A for Apologies?

Ok, I admit it, this year’s April Fools’ “joke” was probably in bad taste and definitely went out of control… and I guess that multiple apologies are in order. However, the end result was curiously quite positive, so bear with me for a moment…

My problem is that I’m not famous for my sense of humour, so it’s often not easy to find a theme to blog about on April 1. I usually tend to pick on some real fact, present it in a distorted/speculative/just plain wrong way, but let people think a bit about the implications. After all, even if reality gets distorted in some subtle way, it doesn’t mean we are not allowed to do some reflection on the consequences…

April 1 actually started with me being on a rather bad mood. A client of mine (local government) was having a lot of trouble to fight both its internal bureaucracy at the same time as Linden Lab’s bureaucracy to get an island transferred to them. Things were at a stand-still while documents, tickets, emails, and Live Chat support flogged links and comments and interpretations on policy all the time, and time was passing, without a solution being apparent. On our side of things, we could just sigh and say, “this is sooo typical”, since we’re so used to the way things are handled by LL’s support: depending on how lucky you are, you can get a support rep that is just going to be a pain on the bottom, or someone who handles things in no time in a miraculous way. You never know. Murphy’s Law dictates that you’ll get the worst possible person when you’re short of time, have a lot of bureaucracy to deal with, and a very precisely orchestrated plan that relies on meeting deadlines with excruciating care, or everything will go wrong. Most times it will go wrong just because you got the wrong person on the job. You have all experienced it. One day, you get the “right” person on a task that the ‘Lab claims that “it takes 3-5 days to fix”, and that person gets the job done in 5 minutes. The next day, happy about the quality of the support, you request the same thing again. After 3-5 days you get the answer that it’s “impossible”. Or that “the rules don’t allow it”. Or “that the policy has changed, so what was easy a week ago is now very hard this week” (claiming that you not only were “lucky” the last time, but that the colleague has somehow bended the rules and they shouldn’t have done so). Or “we’re closed this week, try the next one”. And so forth. We all know how it is. On average, things do get done — the amount of patience and time it takes until a Lab rep understands what you want to do can just take more or less time, and it’s up to you to accept that and be content, or to find it unacceptable and get angry and furious about it…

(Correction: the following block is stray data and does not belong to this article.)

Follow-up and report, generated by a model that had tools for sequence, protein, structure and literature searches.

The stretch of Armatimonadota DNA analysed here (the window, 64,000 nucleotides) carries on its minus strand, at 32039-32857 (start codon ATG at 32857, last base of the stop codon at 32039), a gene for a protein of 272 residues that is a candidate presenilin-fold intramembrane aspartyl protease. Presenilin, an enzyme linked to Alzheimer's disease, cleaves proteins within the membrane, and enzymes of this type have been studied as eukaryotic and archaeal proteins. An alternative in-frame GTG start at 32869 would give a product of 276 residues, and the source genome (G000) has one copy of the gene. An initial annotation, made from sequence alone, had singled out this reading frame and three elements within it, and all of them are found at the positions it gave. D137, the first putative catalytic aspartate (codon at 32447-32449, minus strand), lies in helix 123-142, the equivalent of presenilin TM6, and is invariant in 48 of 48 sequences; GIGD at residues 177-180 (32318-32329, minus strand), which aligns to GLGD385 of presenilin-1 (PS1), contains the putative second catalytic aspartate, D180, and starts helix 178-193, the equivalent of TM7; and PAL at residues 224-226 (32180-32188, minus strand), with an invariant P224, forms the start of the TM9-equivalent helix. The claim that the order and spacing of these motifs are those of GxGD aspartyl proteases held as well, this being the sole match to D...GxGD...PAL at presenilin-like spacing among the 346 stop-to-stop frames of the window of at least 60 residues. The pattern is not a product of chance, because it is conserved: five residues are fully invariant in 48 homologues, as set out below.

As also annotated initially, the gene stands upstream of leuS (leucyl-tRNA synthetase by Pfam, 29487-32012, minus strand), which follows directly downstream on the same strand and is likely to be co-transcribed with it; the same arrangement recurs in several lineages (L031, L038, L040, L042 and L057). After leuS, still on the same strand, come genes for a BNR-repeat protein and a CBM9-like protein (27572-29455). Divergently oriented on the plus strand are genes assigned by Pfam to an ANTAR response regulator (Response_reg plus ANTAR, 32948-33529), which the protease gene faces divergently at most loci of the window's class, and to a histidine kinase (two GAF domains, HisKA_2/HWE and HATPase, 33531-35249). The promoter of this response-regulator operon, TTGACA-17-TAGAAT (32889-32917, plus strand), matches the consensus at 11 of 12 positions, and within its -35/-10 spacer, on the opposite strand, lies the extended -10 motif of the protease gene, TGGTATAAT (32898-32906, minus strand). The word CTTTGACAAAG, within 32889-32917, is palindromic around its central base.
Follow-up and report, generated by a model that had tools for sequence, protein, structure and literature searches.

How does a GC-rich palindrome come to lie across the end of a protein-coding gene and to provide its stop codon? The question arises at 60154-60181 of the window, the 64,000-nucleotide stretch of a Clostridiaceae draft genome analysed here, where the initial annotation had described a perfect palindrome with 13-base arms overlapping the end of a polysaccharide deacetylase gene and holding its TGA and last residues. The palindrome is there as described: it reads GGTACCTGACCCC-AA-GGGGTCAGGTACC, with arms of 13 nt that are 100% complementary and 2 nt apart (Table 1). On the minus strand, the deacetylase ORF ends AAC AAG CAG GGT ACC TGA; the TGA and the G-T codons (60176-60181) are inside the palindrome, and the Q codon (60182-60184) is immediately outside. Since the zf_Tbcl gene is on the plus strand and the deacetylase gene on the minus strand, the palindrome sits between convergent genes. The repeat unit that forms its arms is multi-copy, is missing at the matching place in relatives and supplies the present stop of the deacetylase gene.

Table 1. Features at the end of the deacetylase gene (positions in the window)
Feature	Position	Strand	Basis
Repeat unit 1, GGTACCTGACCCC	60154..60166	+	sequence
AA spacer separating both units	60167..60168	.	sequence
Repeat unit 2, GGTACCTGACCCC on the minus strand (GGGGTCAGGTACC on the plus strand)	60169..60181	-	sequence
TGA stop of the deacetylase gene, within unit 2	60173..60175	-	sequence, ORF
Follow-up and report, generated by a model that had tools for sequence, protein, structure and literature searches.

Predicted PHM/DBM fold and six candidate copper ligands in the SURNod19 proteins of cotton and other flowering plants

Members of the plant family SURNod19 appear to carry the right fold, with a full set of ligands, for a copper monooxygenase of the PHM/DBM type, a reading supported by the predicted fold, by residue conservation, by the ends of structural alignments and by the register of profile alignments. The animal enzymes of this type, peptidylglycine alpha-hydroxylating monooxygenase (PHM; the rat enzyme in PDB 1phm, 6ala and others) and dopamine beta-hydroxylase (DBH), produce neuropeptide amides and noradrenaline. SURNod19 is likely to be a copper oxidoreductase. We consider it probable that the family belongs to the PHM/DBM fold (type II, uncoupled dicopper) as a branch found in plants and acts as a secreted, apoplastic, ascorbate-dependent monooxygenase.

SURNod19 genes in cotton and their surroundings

So, a few days before April 1, I was finding LL’s stance towards a lot of things quite unacceptable. On one hand, yes, they were handling some tickets filed on support quite badly (not technical issues; just to ease Xan Linden’s mind, who wanted to know what was wrong — thanks for the contact, Xan! But no, they were administrative/policy/bureaucracy issues), and that didn’t improve my spirits. On the other hand, the new ToS, and the incredible mess of documents we have now to agree with if we wish to enjoy SL was grating on my nerves. Most important for me was that all of these require lawyers to interpret. Can we still make machinimas, yes or no? Can we use third-party viewers, yes or no? Do we still retain our copyrights on uploaded content, yes or no? Are crowdsourced developers responsible for LL’s bugs in the permission system, yes or no? Does the new ToS apply liability retrospectively (e.g. can someone be made liable for improper use of their content developed years ago, for instance), yes or no? Depending on whom you ask, the answer is different. And now it requires hiring expensive legal advice to be sure you can continue to do what you wish to do in SL.

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